Consider the complex number \(z = 3 + 4i\). Let us find the *distance* of *z* from the origin:

Clearly, using the Pythagoras Theorem, the distance of *z* from the origin is \(\sqrt {{3^2} + {4^2}} = 5\) units. Also, the angle which the line joining *z* to the origin makes with the positive Real direction is \({\tan ^{ - 1}}\left( {\frac{4}{3}} \right)\).

Similarly, for an arbitrary complex number \(z = x + yi\), we can define these two parameters:

**Modulus of**. This is the distance of*z**z*from the origin, and is denoted by \(\left| z \right|\).**Argument of**. This is the angle between the line joining*z**z*to the origin and the positive Real direction. It is denoted by \(\arg \left( z \right)\).

Let us discuss another example. Consider the complex number \(z = - 2 + 2\sqrt 3 i\), and determine its magnitude and argument. We note that *z* lies in the second quadrant, as shown below:

Using the Pythagoras Theorem, the distance of *z* from the origin, or the magnitude of *z*, is

\[\left| z \right| = \sqrt {{{\left( { - 2} \right)}^2} + {{\left( {2\sqrt 3 } \right)}^2}} = \sqrt {16} = 4\]

Now, let us calculate the angle between the line segment joining the origin to *z* (*OP*) and the positive real direction (ray *OX*). Note that the angle *POX'* is

\[\begin{array}{l}{\tan ^{ - 1}}\left( {\frac{{PQ}}{{OQ}}} \right) = {\tan ^{ - 1}}\left( {\frac{{2\sqrt 3 }}{2}} \right) = {\tan ^{ - 1}}\left( {\sqrt 3 } \right)\\ \qquad\qquad\qquad\qquad\qquad\;\;\,\,\,\,\,\,\,\,\,\, = {60^0}\end{array}\]

Thus, the argument of *z* (which is the angle *POX*) is

\[\arg \left( z \right) = {180^0} - {60^0} = {120^0}\]

It is easy to see that for an arbitrary complex number \(z = x + yi\), its modulus will be

\[\left| z \right| = \sqrt {{x^2} + {y^2}} \]

To determine the argument of *z*, we should plot it and observe its quadrant, and then accordingly calculate the angle which the line joining the origin to *z* makes with the positive Real direction.

**Example 1:** Determine the modulus and argument of \(z = 1 + 6i\).

**Solution:** We have:

\[\left| z \right| = \sqrt {{1^2} + {6^2}} = \sqrt {37} \]

Now, the plot below shows that *z* lies in the first quadrant:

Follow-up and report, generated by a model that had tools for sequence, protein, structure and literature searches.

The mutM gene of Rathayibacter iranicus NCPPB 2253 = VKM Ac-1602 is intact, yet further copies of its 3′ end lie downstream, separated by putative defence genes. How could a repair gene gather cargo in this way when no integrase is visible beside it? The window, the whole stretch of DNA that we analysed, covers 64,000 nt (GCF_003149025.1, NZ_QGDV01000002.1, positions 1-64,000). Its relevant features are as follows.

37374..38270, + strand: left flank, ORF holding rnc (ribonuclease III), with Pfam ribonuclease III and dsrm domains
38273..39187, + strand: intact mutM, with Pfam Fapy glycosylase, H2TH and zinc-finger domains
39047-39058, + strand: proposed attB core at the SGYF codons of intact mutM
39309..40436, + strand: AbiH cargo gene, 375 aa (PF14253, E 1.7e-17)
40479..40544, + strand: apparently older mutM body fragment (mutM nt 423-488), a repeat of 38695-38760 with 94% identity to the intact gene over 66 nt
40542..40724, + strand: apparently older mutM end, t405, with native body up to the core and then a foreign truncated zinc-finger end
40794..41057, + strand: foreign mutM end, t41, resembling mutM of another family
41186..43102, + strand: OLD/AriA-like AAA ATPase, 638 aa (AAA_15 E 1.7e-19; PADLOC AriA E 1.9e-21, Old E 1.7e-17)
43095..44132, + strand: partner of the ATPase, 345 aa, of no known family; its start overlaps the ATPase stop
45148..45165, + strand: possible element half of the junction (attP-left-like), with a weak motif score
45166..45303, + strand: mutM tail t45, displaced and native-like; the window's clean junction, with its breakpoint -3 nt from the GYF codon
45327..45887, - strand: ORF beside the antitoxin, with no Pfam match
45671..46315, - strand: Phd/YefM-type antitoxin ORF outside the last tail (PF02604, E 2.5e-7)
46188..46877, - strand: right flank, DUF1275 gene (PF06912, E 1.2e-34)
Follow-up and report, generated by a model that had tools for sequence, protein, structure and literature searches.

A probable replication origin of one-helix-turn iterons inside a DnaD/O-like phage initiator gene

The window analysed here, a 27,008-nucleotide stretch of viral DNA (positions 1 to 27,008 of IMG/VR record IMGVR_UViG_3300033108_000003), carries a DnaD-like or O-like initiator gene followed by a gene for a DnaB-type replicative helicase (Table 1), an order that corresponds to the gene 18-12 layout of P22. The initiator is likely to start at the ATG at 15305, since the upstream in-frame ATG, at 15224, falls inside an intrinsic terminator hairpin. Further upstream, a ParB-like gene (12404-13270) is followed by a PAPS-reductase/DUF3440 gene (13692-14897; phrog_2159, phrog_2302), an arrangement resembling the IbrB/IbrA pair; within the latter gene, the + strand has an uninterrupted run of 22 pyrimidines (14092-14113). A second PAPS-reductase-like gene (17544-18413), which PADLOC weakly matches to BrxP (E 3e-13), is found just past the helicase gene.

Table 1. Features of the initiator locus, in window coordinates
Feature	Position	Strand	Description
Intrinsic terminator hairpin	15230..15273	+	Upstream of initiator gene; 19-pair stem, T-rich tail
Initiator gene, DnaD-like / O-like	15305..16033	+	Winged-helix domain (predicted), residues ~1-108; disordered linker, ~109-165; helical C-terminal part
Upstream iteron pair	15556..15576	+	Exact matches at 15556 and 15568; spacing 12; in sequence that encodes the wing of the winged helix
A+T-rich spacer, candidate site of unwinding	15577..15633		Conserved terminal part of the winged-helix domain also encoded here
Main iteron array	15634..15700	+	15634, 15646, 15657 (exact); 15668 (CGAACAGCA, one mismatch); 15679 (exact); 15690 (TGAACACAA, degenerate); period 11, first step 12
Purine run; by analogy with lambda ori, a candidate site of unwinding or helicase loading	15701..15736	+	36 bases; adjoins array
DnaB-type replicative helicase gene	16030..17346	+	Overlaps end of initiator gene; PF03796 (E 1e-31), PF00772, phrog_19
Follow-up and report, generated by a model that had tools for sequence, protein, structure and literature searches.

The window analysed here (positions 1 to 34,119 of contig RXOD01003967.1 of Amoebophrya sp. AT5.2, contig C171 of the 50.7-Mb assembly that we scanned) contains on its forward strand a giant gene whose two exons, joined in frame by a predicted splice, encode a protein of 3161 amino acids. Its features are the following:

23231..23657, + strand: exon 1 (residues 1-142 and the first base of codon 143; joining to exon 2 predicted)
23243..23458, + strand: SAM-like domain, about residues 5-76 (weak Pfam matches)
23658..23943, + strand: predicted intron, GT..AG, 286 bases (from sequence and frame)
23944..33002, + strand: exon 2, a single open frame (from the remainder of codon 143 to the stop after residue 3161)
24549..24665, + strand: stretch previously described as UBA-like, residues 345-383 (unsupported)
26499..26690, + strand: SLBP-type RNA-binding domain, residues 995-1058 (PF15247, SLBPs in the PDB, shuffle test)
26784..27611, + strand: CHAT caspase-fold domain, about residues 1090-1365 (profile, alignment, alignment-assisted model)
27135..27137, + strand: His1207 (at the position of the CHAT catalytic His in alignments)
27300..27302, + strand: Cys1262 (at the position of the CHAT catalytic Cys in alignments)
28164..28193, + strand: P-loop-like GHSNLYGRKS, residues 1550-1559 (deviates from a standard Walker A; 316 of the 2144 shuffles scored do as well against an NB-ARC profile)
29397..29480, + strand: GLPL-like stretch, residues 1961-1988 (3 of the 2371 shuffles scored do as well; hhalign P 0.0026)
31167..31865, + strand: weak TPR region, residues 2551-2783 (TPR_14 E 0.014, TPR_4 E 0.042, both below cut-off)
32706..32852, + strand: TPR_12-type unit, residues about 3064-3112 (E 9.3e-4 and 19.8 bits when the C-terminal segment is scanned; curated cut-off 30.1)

Clearly, the argument of *z* is given by

\[\arg \left( z \right) = \theta = {\tan ^{ - 1}}\left( {\frac{6}{1}} \right) = {\tan ^{ - 1}}6\]

**Example 2:** Find the modulus and argument of \(z = 1 - 3i\).

**Solution:** The modulus is

\[\left| z \right| = \sqrt {{1^2} + {{\left( { - 3} \right)}^2}} = \sqrt {10} \]

Now, we see from the plot below that *z *lies in the fourth quadrant:

The angle \(\theta \) is given by

\[\theta = {\tan ^{ - 1}}\left( {\frac{3}{1}} \right) = {\tan ^{ - 1}}3\]

Can we say that the argument of *z *is \(\theta \)? Well, since the direction of *z *from the Real direction is \(\theta \) measured *clockwise* (and not *anti-clockwise*), we should actually specify the argument of *z *as \( - \theta \):

\[\arg \left( z \right) = - \theta = - {\tan ^{ - 1}}3\]

The significance of the minus sign is in the direction in which the angle needs to be measured. The following example clarifies this further.

**Example 3:** Find the *moduli* (plural of modulus) and arguments of \({z_1} = 2 + 2i\) and \({z_2} = 2 - 2i\).

**Solution:** We have:

\[\begin{align}&\left| {{z_1}} \right| = \sqrt {{{\left( 2 \right)}^2} + {{\left( 2 \right)}^2}} = \sqrt 8 = 2\sqrt 2 \\&\left| {{z_2}} \right| = \sqrt {{{\left( 2 \right)}^2} + {{\left( { - 2} \right)}^2}} = \sqrt 8 = 2\sqrt 2 \end{align}\]

The moduli of the two complex numbers are the same. This is evident from the following figure, which shows that the two complex numbers are *mirror images* of each other in the horizontal axis, and will thus be equidistant from the origin:

Now, we note that

\[{\theta _1} = {\theta _2} = {\tan ^{ - 1}}\left( {\frac{2}{2}} \right) = {\tan ^{ - 1}}1 = \frac{\pi }{4}\]

Thus,

\[\begin{align}&\arg \left( {{z_1}} \right) = {\theta _1} = \frac{\pi }{4}\\&\arg \left( {{z_2}} \right) = - {\theta _2} = - \frac{\pi }{4}\end{align}\]

We have seen examples of argument calculations for complex numbers lying the in the first, second and fourth quadrants. Let us see how we can calculate the argument of a complex number lying in the third quadrant.

**Example 4:** Find the modulus and argument of \(z = - 1 - i\sqrt 3 \).

**Solution:** The modulus of *z *is:

\[\left| z \right| = \sqrt {{{\left( { - 1} \right)}^2} + {{\left( { - \sqrt 3 } \right)}^2}} = \sqrt 4 = 2\]

The plot below shows that *z *lies in the third quadrant:

The angle \(\theta \) is given by

\[\theta = {\tan ^{ - 1}}\left( {\frac{{\sqrt 3 }}{1}} \right) = {\tan ^{ - 1}}\sqrt 3 = \frac{\pi }{3}\]

Thus, the angle between *OP* and the positive Real direction is

\[\phi = \pi - \theta = \pi - \frac{\pi }{3} = \frac{{2\pi }}{3}\]

Now, since the angle \(\phi \) sweeps in the clockwise direction, the actual argument of *z* will be:

\[\arg \left( z \right) = - \phi = - \frac{{2\pi }}{3}\]

We could also have calculated the argument by calculating the magnitude of the angle sweep in the anti-clockwise direction, as shown below:

This way, we can write the argument is

\[\arg \left( z \right) = \pi + \theta = \pi + \frac{\pi }{3} = \frac{{4\pi }}{3}\]

Both ways of writing the arguments are correct, since the two arguments actually correspond to the same direction.